Mr. Moss: Oh there's been various changes in land situation in Seattle cause it was, Seattle originally was like . . . camels, humps on a camel. It was peaks and high places and timber just grew all over everything grew right up on the top of these humps and everything. And Broadway street now as it is its been lowered down about 20 feet they just cut the top of the hill right off. And all of this land that they cut off they filled it in around the water front and made that solid land in there now. But that used to be all an pilings and where Milwaukee depot and the Northern Pacific depot is from there out to Sears and Roebucks and over to the packing company, Fry, what is it Seattle Packing company now. But in the olden days it was the Fry Packing company that was all tide land in there and when the tide went out, it was under about 12 feet of water. And then the tide land went out, when the tide went out,. . .

[T]here was several streams of water that came up from Lake Washington . . . well, all the streams that came up as we knew 'em, they came up through and they went into Lake Washington, that is draining from the City of Seattle. And there was one that came through the Arboretum . . then it still does, but it's underground in . . oh a five foot concrete pipe now. And it came up down in through where . . . East Madison, down in East Madison at that time they called it Coon's Hollow. And the reason they called it that, there was a enterprising fellow here name Presto. And he turned himself into a . . . got a job as a land salesman, one of the big companies at the time. And he plotted, the company did, platted this all down in that East Madison district, they plotted that out into lots. That used to be, oh three or four farms down there. And they plotted that out into lots, and he had the job selling those lots. Well, then he went around and knocked on the door of every minority person in Seattle that had a dark face and tried to sell 'em lots down there. And they bought lots and started buying, building houses down there. And the . . so it was 99% minorities lived down there. So the called it Coon's Hollow. And this here stream run up through there and it was quite a little stream. It run up through there, oh, it run up around to where . . . East Union street is now. And the salmon would come up there, and we would go down there with our bicycles, and had a pitch fork and a gunny sack. And we had a little bullseye lantern, the called them bullseye lantern at that time. . . . And it showed a pretty good light, and we would shine that in the water. And we'd see one of these salmon coming along and we'd take the pitch fork and spear 'em and take 'em out on . . and put him in the sack. And when we got four or five of those salmon in the sack, why the we'd . . tie it on to the front of our bicycles and then go on back. Go home. and then there was another stream that went down through Rainer Valley. It started up around, oh, 12th, where 12th and Madison street is now. And it came down right where 13th Avenue would be, right on down and lot of the houses that run between the houses. They'd have little bridges over to go from one lot to the other. And when it got down to Yesler Way, it run under in pipes in Yesler Way, Yesler street. They had the cable car then. And it run in pipes under Yesler Way. And then just pass Yesler Way, passed under the sidewalk it come out on the ground again. And then it went down to. . . 'cross Jackson street and when it cross Jackson street, there was a little bridge in there. That went across on the bridge. The . . . went under the bridge the . . . the stream of water did, and we lived just west of the bridge. And we would go there with our fishing line and fish hooks and catch fish out of there, little minnows four to six inches long. And if mother wasn't home, we'd take 'em home and cook 'em. In later years they put the culverts in there, five inch concrete . . with the dirt and filled it all in, from across 13th Avenue over to 14th. They covered that and took the bridge out of there and made it solid ground, through there. Which is, which is it now. And down in Rainer Valley they . . . on both sides of the street in there it's a little low in places now, but most all have been filled in. But that was garden spot down through there. And they used to call that little Italy. . . . And this here little crick run down 'cross 13th and Jackson, it run down on the East side of Rainer Avenue down where Genessee street is now. And then it turned to Genessee street and run east for about five or six blocks there, and then turned north and run into Lake Union. . . Lake Washington rather. Lake Washington, that is there. And they put that in a five foot culvert it is now and then the covered that all in, down in there it was lower than the street. Both sides of land was lower than the street had been. Rainer was graded through. And they . . it's covered that culvert is covered over with about from about 12 to 14 feet of dirt all through there, from Dearborn street to Genessee street.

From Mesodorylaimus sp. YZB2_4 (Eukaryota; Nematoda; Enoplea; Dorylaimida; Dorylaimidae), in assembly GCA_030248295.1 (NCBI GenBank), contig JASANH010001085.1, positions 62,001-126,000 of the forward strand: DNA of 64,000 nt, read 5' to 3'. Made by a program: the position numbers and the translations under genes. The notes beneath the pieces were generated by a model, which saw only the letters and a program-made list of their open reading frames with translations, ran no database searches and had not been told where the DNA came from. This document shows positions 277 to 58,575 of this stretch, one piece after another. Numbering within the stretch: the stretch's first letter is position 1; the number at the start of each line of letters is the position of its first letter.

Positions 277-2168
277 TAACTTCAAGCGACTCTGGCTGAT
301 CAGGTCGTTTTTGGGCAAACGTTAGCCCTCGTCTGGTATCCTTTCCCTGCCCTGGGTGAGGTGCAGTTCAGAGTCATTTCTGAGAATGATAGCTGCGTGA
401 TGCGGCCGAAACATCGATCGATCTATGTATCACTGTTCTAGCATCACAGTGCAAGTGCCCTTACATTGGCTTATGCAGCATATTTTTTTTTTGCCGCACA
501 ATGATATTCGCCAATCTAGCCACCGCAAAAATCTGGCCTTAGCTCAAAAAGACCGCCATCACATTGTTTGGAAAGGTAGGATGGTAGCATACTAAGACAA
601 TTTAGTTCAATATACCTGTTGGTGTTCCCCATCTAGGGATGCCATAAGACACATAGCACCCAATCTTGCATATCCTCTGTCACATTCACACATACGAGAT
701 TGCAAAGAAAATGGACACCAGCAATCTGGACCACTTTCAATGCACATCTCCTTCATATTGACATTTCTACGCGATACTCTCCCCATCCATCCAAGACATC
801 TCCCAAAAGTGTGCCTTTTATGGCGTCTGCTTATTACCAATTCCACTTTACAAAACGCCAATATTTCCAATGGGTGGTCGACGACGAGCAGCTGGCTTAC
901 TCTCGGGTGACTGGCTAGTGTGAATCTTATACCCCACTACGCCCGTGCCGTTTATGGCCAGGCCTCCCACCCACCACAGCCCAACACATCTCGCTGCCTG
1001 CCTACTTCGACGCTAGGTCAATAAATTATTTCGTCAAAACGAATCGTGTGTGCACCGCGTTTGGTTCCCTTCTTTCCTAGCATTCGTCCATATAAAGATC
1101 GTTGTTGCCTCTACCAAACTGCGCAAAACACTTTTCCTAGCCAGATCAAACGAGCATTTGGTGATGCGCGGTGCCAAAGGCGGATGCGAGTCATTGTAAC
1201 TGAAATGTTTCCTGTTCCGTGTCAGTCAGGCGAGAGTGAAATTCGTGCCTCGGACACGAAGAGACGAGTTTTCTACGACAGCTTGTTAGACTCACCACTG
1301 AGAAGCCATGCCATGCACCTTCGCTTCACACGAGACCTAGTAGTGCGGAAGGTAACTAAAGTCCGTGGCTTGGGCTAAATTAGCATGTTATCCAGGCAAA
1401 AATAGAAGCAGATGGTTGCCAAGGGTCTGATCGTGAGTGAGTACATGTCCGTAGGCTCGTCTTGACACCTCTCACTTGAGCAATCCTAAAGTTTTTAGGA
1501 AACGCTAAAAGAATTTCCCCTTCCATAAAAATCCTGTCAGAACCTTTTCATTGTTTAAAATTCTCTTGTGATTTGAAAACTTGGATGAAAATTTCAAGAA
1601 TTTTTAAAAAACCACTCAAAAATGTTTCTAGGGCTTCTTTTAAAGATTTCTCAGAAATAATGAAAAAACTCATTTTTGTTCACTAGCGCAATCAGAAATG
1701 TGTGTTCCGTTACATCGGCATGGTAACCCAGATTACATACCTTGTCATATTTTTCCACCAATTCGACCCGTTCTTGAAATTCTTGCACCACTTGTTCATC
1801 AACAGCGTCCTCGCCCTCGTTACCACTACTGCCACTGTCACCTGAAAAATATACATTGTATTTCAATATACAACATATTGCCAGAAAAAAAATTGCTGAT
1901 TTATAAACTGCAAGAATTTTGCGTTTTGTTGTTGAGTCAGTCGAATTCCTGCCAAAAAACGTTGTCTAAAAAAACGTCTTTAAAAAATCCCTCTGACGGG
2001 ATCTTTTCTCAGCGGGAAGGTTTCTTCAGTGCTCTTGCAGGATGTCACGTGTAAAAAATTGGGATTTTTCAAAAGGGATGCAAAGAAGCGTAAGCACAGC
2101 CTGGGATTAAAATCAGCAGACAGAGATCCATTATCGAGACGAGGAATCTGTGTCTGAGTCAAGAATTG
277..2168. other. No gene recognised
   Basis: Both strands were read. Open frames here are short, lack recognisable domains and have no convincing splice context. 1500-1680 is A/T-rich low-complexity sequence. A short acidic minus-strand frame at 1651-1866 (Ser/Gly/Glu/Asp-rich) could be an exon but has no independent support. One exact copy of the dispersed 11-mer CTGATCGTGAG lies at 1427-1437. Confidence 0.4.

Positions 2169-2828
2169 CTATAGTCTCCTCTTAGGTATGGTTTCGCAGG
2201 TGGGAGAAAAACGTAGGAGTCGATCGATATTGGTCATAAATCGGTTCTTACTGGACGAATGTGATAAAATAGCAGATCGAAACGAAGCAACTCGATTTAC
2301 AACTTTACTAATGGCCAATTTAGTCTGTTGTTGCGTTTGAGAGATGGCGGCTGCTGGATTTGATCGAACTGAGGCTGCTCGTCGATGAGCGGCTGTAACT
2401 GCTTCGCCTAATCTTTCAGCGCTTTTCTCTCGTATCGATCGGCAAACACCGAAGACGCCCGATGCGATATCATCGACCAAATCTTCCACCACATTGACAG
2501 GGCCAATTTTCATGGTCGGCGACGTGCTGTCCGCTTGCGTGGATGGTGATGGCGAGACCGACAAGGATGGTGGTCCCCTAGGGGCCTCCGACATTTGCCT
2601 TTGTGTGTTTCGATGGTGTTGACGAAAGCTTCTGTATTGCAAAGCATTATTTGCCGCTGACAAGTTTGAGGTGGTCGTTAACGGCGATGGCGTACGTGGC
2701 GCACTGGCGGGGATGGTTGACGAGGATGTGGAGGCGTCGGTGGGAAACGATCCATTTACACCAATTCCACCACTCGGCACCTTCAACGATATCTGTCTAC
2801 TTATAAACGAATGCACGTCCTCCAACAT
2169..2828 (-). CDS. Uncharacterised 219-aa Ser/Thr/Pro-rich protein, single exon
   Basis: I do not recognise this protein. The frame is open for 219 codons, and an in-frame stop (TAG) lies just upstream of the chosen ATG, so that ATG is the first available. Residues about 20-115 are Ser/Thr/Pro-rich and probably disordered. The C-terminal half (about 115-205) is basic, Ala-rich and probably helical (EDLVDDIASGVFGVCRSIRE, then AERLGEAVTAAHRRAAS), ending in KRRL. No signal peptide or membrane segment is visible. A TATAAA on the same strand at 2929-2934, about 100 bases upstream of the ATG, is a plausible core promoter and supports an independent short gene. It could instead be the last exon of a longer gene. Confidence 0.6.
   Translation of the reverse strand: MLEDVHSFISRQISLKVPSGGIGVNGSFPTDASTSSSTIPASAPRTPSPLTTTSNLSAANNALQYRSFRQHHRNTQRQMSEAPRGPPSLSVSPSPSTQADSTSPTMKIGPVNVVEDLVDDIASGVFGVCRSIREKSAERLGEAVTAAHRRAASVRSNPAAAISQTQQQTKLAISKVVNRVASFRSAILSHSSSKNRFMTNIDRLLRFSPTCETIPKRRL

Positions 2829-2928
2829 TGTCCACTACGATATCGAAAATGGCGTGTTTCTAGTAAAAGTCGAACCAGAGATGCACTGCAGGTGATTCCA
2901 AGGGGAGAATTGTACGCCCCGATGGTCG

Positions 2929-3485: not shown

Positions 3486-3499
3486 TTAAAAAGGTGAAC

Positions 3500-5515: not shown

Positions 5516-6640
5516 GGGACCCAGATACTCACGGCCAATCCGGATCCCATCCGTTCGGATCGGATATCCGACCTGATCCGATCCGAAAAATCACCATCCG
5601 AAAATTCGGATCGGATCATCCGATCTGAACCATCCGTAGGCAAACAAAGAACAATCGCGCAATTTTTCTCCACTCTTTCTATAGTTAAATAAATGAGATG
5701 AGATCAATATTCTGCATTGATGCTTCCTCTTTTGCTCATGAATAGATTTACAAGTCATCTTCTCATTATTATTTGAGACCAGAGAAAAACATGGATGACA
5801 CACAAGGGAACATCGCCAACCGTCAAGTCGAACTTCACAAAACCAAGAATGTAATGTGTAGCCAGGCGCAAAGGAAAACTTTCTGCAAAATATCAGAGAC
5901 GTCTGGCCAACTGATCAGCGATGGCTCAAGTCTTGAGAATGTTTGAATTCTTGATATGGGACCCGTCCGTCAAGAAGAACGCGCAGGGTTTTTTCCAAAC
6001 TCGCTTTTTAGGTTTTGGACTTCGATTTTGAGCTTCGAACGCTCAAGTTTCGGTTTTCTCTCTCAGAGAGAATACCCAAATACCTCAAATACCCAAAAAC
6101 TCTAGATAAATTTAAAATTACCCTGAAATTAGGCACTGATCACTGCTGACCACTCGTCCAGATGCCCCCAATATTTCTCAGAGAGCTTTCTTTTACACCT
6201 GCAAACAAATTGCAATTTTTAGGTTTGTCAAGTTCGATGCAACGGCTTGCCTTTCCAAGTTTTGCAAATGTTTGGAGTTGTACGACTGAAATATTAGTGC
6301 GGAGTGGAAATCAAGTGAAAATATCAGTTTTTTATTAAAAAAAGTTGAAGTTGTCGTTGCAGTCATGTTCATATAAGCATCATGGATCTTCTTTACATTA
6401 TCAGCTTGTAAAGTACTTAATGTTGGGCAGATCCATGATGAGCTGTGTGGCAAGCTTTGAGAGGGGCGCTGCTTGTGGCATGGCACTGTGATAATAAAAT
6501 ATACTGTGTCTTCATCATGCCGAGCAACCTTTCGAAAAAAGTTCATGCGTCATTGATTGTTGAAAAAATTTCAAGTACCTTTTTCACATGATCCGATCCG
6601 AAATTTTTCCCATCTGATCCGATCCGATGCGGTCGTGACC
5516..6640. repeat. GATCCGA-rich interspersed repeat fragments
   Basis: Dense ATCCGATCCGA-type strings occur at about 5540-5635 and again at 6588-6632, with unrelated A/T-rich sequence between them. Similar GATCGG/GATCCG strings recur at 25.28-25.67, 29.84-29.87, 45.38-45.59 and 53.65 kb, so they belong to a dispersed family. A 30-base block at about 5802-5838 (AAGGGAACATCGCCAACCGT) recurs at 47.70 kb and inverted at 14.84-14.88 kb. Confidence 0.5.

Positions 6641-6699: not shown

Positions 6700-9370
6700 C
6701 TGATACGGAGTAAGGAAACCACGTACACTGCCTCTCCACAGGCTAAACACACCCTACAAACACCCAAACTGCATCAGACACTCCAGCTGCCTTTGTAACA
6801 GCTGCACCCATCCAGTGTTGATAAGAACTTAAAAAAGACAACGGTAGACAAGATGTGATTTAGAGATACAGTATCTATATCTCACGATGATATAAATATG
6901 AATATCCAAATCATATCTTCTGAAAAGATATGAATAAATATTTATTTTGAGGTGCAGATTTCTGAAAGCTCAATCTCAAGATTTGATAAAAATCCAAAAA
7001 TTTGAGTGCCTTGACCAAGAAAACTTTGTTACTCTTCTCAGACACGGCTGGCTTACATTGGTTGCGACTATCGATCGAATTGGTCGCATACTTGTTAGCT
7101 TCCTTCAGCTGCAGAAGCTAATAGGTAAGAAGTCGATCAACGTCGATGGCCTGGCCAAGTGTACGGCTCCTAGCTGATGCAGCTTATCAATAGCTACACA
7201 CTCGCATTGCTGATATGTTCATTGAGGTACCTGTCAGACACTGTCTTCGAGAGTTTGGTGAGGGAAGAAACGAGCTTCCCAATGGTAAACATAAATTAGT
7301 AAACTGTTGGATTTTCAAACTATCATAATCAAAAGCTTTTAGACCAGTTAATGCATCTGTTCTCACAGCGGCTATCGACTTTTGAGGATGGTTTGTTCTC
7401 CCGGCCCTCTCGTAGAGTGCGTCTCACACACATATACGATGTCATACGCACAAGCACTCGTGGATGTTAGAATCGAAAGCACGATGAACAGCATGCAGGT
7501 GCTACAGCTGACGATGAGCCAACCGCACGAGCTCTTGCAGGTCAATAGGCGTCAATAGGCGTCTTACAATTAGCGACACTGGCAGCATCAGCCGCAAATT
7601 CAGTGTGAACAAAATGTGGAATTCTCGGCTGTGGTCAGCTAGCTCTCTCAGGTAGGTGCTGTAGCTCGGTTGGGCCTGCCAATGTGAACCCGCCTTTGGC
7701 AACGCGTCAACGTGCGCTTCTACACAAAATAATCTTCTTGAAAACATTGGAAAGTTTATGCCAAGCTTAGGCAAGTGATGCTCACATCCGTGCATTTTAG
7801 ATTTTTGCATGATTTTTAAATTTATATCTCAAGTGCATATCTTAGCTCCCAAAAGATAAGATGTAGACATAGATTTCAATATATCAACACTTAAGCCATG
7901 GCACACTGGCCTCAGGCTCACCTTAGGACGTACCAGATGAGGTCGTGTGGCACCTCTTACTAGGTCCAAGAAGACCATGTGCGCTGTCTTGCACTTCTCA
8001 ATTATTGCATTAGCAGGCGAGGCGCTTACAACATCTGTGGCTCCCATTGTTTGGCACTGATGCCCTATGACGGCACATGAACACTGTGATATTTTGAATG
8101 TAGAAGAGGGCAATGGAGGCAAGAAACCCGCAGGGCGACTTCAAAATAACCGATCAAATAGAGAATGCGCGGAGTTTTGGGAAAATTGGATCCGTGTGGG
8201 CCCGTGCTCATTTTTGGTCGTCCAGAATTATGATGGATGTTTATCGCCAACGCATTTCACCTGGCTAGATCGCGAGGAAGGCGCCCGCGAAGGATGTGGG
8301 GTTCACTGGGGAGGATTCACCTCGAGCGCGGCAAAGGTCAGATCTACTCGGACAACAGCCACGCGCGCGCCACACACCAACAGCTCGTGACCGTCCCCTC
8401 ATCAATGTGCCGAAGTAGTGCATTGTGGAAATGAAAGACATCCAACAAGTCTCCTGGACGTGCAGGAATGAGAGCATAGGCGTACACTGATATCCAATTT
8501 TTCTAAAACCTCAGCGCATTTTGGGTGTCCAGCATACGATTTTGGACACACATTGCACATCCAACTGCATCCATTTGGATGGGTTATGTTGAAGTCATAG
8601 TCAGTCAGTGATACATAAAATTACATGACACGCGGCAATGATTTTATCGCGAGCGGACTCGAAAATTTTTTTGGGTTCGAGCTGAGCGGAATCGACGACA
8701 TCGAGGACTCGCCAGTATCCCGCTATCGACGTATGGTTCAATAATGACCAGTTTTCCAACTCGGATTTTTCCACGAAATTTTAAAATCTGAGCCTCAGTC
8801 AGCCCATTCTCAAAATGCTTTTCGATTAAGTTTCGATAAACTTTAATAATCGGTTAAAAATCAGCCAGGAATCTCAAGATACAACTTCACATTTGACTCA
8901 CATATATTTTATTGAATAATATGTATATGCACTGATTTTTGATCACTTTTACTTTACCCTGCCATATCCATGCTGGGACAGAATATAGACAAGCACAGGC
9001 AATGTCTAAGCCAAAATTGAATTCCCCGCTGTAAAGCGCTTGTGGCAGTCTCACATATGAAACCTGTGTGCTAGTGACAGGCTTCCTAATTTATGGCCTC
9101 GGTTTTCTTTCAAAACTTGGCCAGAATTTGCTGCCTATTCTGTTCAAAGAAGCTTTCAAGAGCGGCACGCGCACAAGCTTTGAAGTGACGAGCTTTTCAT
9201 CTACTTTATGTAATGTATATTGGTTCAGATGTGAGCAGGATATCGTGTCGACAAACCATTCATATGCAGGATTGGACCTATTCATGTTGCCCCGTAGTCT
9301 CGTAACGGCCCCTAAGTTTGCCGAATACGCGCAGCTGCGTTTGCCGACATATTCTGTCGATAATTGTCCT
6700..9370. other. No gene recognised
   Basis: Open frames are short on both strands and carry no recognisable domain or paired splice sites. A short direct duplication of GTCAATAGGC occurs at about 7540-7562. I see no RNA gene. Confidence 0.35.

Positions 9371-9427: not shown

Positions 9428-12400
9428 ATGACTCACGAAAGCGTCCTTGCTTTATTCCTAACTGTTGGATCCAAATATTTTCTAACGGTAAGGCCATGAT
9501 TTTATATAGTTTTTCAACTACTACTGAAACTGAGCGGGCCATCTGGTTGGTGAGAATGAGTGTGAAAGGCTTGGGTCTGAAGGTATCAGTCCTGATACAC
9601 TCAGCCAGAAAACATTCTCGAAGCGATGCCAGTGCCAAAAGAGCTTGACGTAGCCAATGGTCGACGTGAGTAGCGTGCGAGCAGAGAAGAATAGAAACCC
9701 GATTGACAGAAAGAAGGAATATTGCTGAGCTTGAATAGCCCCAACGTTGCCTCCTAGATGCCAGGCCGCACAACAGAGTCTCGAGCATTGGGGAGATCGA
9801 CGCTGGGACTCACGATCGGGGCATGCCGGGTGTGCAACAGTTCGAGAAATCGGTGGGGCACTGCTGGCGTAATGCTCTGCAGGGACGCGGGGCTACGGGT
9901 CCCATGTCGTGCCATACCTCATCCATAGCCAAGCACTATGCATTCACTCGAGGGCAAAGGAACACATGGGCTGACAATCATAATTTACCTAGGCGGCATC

Center for the Study of the Pacific Northwest